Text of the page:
Children of Blood and Bone

Children of Blood and Bone

by

Tomi Adeyemi

Teachers and parents! Struggling with distance learning? Our Teacher Edition on Children of Blood and Bone can help.

Children of Blood and Bone: Chapter Twenty-Four Summary & Analysis

Summary
Analysis
Inan wanders through Chândomblé, experiencing visions of Lekan’s life. He enters the room decorated with murals of the gods and is shocked by their beauty. Saran always said that the gods were weak and immaterial, but here they appear beautiful and strong.
Because of his fear and hatred, Saran cast the divîners as evil and dangerous, lacking morality and culture. That casting makes it easier for Saran to oppress them. However, Inan begins to see otherwise. He also sees that the stories and beauty associated with the gods are part of what made the divîners powerful.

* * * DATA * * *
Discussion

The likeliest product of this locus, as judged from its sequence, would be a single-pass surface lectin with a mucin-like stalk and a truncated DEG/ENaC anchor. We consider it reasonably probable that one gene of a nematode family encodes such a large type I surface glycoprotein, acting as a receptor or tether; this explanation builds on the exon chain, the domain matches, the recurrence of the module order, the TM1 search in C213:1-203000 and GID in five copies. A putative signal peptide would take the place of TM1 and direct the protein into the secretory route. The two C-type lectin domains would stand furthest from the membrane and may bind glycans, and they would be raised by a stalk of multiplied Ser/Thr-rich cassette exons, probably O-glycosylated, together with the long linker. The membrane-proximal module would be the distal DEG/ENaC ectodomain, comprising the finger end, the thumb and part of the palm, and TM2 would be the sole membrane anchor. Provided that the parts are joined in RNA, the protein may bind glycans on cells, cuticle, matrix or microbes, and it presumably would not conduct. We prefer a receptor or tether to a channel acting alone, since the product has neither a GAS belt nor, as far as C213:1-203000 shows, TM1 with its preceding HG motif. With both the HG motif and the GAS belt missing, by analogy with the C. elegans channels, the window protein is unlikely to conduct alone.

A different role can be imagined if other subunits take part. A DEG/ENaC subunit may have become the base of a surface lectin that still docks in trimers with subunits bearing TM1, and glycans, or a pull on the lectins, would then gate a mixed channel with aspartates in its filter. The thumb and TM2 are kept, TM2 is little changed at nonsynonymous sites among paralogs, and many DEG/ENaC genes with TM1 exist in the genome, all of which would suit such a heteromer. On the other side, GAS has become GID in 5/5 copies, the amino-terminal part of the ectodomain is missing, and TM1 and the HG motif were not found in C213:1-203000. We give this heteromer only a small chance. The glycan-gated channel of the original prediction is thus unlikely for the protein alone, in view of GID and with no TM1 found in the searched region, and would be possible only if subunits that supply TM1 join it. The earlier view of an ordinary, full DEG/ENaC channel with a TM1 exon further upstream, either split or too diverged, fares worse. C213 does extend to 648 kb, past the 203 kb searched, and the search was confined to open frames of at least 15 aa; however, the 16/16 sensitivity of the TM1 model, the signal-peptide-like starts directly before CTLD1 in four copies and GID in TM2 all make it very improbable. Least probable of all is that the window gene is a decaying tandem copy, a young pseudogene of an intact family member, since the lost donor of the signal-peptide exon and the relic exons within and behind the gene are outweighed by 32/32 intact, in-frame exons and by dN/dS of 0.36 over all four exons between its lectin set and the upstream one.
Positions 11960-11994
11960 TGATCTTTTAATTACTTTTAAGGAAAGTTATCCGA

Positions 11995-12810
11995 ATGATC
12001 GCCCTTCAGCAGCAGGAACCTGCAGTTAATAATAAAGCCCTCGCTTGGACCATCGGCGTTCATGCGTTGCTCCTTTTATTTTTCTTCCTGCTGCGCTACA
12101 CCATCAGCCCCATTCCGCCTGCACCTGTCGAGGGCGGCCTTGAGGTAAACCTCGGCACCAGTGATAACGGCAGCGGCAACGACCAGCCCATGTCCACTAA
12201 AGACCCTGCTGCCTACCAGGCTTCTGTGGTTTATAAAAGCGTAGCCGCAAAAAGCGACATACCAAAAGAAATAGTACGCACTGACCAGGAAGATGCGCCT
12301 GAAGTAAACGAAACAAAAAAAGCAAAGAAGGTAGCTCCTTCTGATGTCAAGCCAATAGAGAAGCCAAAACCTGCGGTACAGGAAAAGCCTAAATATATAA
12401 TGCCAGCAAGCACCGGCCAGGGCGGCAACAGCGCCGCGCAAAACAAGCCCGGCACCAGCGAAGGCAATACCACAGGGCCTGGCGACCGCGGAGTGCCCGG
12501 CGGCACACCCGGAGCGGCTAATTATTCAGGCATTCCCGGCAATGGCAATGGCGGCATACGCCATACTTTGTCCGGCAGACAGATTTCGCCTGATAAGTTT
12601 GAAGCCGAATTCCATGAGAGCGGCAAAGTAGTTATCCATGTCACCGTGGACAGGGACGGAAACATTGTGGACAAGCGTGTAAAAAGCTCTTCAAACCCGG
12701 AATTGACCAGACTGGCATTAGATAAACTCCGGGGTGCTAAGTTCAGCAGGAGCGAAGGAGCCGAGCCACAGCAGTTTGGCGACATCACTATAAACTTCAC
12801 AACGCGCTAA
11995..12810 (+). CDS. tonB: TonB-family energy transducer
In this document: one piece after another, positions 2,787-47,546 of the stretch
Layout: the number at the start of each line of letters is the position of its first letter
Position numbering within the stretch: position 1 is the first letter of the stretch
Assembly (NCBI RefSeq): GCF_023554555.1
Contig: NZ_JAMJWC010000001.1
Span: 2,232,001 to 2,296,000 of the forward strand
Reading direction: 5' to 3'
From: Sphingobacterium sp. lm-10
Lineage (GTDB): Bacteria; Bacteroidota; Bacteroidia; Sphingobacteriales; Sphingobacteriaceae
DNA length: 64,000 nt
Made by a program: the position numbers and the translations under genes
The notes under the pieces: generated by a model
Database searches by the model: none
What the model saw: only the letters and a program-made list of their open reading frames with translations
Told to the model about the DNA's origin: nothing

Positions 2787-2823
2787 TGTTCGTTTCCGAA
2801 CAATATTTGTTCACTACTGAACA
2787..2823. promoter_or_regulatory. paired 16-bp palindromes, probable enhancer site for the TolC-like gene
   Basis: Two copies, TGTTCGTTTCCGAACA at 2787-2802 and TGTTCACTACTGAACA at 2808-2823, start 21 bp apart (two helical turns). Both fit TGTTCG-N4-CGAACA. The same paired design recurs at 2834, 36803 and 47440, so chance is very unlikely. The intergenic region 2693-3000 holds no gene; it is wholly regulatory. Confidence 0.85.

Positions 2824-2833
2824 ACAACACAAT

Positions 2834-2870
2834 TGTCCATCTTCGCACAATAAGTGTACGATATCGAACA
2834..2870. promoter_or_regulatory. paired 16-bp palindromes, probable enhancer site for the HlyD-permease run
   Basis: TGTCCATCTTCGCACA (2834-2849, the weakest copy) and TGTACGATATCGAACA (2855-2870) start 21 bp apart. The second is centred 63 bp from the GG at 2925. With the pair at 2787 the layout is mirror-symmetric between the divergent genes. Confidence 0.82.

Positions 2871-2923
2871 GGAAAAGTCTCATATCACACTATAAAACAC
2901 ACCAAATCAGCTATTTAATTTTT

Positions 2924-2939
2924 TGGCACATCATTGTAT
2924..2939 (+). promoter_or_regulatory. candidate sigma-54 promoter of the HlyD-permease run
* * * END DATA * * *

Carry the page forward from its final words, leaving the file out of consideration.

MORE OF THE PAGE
Themes
Prejudice and Inequality Theme Icon
Duty to Family vs. Self Theme Icon
Faith and Tradition Theme Icon
Related Quotes
When he comes to the portrait of Orí, the god of mind, spirit, and dreams, Inan realizes that this is his patron god. He shouts at the portrait in anger, vowing that his magic will be magic’s undoing. More committed than ever to fighting magic, he closes his eyes and gives in to his own powers.
The divîners’ traditions offers strength and a sense of belonging, but Inan’s hatred of runs so deep that he rejects that possibility.
Themes
Prejudice and Inequality Theme Icon
Faith and Tradition Theme Icon